I can only assume your return numbers aren’t taking exchange rate into account? The rise in the CAD has meant a lower return from US and international stocks than you state. You also neglected to include that international (developed, ex North America) is down over the last 12 months.

#52 Smoking Man on 07.13.19 at 12:53 am

So wifey poo is up 500k trading forex since March I trained her after I got pissed off with her stupidity of playing Penney slots where the win ratio is at about 85 %. All that loot is coming from my tax farm gig. Which is hobby that stops me from day drinking.

Now she’s playing 100 dollar bets in the high limits room where the payout is 99%.

She’s having a good night.

Turned 60 today my dogs.

I know Gartho thinks gambling is stupid. I’m living proof that it ain’t that bad.

Love all you ass holes even the teachers that mind fk you millenials. You will come around when you get a job and see what T2 and his globalist band of perverts take off your paycheck.

Capitalism Rocks.

Dr Smoking Man
PhD Herdonomics.

#53 Smoking Man on 07.13.19 at 1:34 am

DELETED

#54 Stats freak on 07.13.19 at 1:40 am

Gawd, how I love you, Garth, and your voice of common sense! I just can’t get enough of your daily reminders that have given new the confidence over the years to invest & stay the course. It has served me well and I appreciate you beyond measure!

#55 NEVER GIVE UP on 07.13.19 at 1:50 am

The 5 year bond yield chart should also add a line that corresponds to the enslavement of our young people.

That line would correspond with the average home price line.

#56 steerage steeward on 07.13.19 at 4:11 am

Garth;

It’s great that you allowed will informed people too have a place here.

https://www.youtube.com/watch?v=IUmnTfsY3hI

#57 Gravy Train on 07.13.19 at 6:06 am

#8 Toronto_CA on 07.12.19 at 5:19 pm
“[…] [A] huge emergency cash fund doesn’t make sense for many people.”

#23 Sail away on 07.12.19 at 6:25 pm
“[…] There isn’t a need to hold a lot of cash.[…]”

#38 SoggyShorts on 07.12.19 at 8:12 pm
“But in order to ‘buy the dips’ you’d have to be sitting on a bunch of cash that is earning nothing, right? Does it really pay off? When markets are melting up you’re sitting there waiting for months or possibly years for a little dip so you can join in the fun?”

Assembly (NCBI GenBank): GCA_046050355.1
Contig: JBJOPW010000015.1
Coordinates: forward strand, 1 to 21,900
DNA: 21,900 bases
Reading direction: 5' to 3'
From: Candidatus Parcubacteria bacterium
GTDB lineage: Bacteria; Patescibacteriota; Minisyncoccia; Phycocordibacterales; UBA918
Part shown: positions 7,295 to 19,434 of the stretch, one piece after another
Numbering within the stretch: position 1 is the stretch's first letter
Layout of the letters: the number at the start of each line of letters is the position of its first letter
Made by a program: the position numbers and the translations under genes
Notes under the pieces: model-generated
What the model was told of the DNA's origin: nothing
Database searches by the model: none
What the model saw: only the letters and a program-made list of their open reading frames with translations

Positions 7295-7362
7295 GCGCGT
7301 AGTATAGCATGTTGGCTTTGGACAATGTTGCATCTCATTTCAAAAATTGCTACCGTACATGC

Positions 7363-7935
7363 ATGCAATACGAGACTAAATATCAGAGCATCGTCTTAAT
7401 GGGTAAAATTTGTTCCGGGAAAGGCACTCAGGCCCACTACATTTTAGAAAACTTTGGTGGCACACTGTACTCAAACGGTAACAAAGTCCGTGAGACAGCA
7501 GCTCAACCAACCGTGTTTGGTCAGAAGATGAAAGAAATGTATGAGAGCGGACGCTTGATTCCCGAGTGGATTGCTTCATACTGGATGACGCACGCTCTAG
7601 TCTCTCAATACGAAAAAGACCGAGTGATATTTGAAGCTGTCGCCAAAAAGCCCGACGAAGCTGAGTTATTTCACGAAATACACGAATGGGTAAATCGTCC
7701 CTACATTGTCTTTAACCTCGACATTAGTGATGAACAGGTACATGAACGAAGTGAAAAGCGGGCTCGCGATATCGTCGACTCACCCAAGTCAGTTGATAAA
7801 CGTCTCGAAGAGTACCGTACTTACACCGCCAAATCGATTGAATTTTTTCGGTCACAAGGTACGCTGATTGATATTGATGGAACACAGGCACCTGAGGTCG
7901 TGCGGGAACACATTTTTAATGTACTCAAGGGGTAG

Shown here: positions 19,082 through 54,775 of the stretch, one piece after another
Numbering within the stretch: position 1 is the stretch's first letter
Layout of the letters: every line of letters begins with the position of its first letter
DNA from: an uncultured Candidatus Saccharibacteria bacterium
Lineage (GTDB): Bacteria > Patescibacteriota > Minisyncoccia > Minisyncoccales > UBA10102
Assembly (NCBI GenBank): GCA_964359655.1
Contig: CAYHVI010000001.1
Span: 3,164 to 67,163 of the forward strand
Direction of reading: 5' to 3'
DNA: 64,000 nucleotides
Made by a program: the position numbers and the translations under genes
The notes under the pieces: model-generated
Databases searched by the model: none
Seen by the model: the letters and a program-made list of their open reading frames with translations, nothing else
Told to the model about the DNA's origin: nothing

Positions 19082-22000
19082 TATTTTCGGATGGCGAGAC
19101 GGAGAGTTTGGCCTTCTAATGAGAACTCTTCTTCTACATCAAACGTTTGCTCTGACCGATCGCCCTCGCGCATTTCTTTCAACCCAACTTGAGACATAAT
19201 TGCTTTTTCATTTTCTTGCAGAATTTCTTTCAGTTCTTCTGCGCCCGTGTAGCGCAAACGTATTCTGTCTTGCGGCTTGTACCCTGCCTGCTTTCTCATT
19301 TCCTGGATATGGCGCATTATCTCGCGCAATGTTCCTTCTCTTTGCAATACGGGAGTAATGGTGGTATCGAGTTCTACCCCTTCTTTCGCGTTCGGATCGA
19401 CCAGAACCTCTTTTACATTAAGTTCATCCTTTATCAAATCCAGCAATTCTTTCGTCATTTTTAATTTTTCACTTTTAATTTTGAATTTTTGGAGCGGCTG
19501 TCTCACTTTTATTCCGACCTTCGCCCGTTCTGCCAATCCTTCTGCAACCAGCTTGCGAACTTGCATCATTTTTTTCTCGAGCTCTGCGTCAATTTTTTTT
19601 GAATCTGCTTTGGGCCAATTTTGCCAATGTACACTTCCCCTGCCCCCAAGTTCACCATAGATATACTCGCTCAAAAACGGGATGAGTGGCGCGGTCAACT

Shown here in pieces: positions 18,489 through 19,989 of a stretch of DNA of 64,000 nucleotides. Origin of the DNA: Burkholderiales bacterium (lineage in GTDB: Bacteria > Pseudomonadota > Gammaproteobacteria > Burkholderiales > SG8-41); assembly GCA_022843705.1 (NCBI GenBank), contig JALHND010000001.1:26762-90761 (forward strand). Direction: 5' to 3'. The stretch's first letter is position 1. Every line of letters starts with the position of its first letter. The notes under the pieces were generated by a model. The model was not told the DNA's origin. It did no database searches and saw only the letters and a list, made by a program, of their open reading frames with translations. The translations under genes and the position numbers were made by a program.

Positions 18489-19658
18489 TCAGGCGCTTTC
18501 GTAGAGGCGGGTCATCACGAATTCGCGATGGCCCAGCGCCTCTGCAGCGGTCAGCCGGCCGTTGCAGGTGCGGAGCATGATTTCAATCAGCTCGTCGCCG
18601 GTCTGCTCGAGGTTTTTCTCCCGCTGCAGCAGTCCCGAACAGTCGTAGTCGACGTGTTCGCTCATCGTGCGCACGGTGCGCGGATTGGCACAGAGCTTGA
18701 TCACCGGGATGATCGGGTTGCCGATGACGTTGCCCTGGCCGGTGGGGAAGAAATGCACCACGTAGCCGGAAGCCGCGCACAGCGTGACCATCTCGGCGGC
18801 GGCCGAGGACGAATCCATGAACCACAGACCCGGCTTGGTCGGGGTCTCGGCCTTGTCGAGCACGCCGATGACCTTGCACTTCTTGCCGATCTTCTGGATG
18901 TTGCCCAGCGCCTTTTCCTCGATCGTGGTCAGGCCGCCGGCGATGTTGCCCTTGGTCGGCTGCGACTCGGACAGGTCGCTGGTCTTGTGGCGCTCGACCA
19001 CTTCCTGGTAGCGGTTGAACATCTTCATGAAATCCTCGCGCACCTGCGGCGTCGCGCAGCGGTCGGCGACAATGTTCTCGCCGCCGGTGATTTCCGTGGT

Here’s another way of looking at cash. :P

“[Alice] Schroeder argues that, to [Warren] Buffett, cash is not just an asset class that is returning next to nothing. It is a call option that can be priced. When he thinks that option is cheap, relative to the ability of cash to buy assets, he is willing to put up with super-low interest rates, said Ms. Schroeder, who followed Mr. Buffett for years before she became his biographer.

“‘He thinks of cash differently than conventional investors,’ Ms. Schroeder says. ‘This is one of the most important things I learned from him: the optionality of cash. He thinks of cash as a call option with no expiration date, an option on every asset class, with no strike price.’

“It is a pretty fundamental insight. Because once an investor looks at cash as an option—in essence, the price of being able to scoop up a bargain when it becomes available—it is less tempting to be bothered by the fact that in the short term, it earns almost nothing.

“Suddenly, an investor’s asset allocation decisions are not simply between earning nothing in cash and earning something in bonds or stocks. The key question becomes: How much can the cash earn if I have it when I need it to buy other assets that are cheap, versus the upfront cost of holding it?

“This is a good insight. Holding some cash is not necessarily a bad thing. What’s bad is holding most of your money in the form of cash. That is a nearly guaranteed losing strategy. The purpose of an investment portfolio is to serve as a place where you protect the wealth you’ve amassed. You achieve this by protecting it against the risk of permanent loss and the risk of purchasing power loss. Cash is guaranteed to avoid one (the risk of permanent loss) and guaranteed to lose the other (purchasing power). So having an excessive allocation in cash at all times makes no sense.[…]”
https://www.businessinsider.com/cash-as-a-call-option-2012-9

I am surprised that Shawn Allen hasn’t piped up! :P
https://en.m.wikipedia.org/wiki/Call_option
https://en.m.wikipedia.org/wiki/Strike_price

#58 dharma bum on 07.13.19 at 8:32 am

#22 Barb

Yet another reason many people hate banks.
I’m one of them.
——————————————————————–

Don’t hate ’em. Buy ’em!

#59 dharma bum on 07.13.19 at 8:38 am

#39 Tim

If low rates caused the bubble in Vancouver then why is it ten times more expensive than any other Canadian city?